: Biden, Obama to rally Democrats in Pennsylvania, Georgia with Senate control on the line in midterm elections


President Joe Biden and former President Barack Obama are fanning out across two key battleground states on Friday, stumping for fellow Democrats with control of the U.S. Senate a toss-up in Nov. 8’s midterm elections.

Biden will appear at a Pennsylvania Democratic Party dinner, where Senate hopeful John Fetterman will be in attendance. Fetterman’s race vs. celebrity surgeon Mehmet Oz is among a handful of contests that will decide control of the Senate, and current polling shows the two men virtually tied. Vice President Kamala Harris will also appear at the dinner.

Some Democrats fretted Wednesday over whether their party had suffered a setback in its effort to hold control of the Senate with the decision by Fetterman to debate Oz on Tuesday night while recovering from a stroke, as the Wall Street Journal reported.

See: Spotlight on Fetterman stroke recovery only intensifies after Oz debate

On Thursday, Senate Majority Leader Chuck Schumer, a New York Democrat, was caught on a hot microphone telling Biden, “It looks like the debate didn’t hurt us too much in Pennsylvania as of today.”

Schumer had a different take on Georgia, saying: “The state where we’re going downhill is Georgia. It’s hard to believe that they will go for Herschel Walker.” Walker, a former football star, is facing incumbent Democratic Sen. Raphael Warnock in another of this year’s closest races. (A spokesman for Schumer said the senator “believes the Democratic candidates will win.”)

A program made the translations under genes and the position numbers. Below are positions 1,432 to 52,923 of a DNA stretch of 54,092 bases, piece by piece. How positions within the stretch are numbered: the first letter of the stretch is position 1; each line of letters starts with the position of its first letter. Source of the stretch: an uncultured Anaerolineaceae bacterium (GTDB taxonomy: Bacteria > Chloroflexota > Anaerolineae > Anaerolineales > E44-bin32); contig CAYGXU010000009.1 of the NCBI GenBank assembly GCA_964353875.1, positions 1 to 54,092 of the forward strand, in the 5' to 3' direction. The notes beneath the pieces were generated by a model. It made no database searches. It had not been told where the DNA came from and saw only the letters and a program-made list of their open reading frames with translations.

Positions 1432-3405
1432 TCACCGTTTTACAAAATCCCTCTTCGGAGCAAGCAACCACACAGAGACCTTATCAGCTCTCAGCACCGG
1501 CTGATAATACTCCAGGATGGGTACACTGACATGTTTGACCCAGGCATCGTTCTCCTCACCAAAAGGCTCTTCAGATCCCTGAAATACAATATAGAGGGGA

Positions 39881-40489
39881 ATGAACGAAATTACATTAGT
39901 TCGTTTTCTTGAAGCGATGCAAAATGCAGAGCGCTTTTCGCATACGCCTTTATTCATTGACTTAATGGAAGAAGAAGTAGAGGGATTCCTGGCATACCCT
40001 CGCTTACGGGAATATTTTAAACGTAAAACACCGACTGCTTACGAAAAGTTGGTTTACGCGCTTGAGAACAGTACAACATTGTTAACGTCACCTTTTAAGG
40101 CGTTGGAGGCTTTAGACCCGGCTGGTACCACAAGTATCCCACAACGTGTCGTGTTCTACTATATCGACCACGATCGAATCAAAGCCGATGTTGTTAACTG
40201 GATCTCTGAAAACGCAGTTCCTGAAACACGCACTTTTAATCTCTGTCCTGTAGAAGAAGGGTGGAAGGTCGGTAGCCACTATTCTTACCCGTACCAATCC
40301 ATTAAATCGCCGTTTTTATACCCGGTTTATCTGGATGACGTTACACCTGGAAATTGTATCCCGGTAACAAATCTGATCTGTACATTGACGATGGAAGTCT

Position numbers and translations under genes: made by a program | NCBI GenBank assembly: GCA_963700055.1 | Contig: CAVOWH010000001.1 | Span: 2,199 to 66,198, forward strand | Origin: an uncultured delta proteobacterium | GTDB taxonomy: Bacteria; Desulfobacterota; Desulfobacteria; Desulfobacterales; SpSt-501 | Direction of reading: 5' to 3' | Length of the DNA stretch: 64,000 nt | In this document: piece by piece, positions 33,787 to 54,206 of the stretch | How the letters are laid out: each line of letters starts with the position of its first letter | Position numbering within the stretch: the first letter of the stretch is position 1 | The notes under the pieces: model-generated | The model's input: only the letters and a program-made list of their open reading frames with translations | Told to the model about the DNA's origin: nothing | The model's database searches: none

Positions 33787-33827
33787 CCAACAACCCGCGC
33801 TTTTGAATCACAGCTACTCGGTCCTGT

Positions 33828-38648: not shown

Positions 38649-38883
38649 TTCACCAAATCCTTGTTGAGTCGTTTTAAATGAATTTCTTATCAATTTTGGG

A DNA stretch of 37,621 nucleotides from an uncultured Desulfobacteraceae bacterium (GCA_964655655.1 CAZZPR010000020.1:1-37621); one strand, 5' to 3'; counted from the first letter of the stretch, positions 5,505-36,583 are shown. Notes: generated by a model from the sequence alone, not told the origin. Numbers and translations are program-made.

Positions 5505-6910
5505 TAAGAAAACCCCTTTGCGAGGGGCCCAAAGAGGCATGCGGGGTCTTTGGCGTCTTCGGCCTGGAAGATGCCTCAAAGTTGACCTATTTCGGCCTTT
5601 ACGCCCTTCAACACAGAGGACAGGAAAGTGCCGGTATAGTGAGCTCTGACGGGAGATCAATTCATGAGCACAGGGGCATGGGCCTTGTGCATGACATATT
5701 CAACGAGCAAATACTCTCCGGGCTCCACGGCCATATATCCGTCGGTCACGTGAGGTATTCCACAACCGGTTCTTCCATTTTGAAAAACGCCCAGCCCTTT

Obama is scheduled to headline a rally for Warnock and the Democratic candidate for governor, Stacey Abrams.

“He’s looking forward to this visit very much. Georgia played a determinative role last cycle and could likely be in the same position two years later,” Obama adviser Eric Schultz said ahead of the event, according to NBC News. “The goal is to get out the vote, mobilize people, given the stakes of this year’s elections.”

Democrats will likely lose more than 20 seats in the House of Representatives — and with them their House majority — in the midterm elections, according to Cook Political Report Editor-in-Chief Amy Walter.

Republican campaigns have seized on raging inflation, including elevated prices for gasoline

and other fuels, while Democrats have focused on issues such as abortion rights.

U.S. stocks

traded higher Friday and were on track for weekly gains, trimming the S&P 500’s 

 year-to-date loss to 19%.

Now read: Here’s what the midterm elections could mean for the financial sector, energy, healthcare and more

And see: Republicans have over 70% chance of winning Senate in midterm elections, betting markets say

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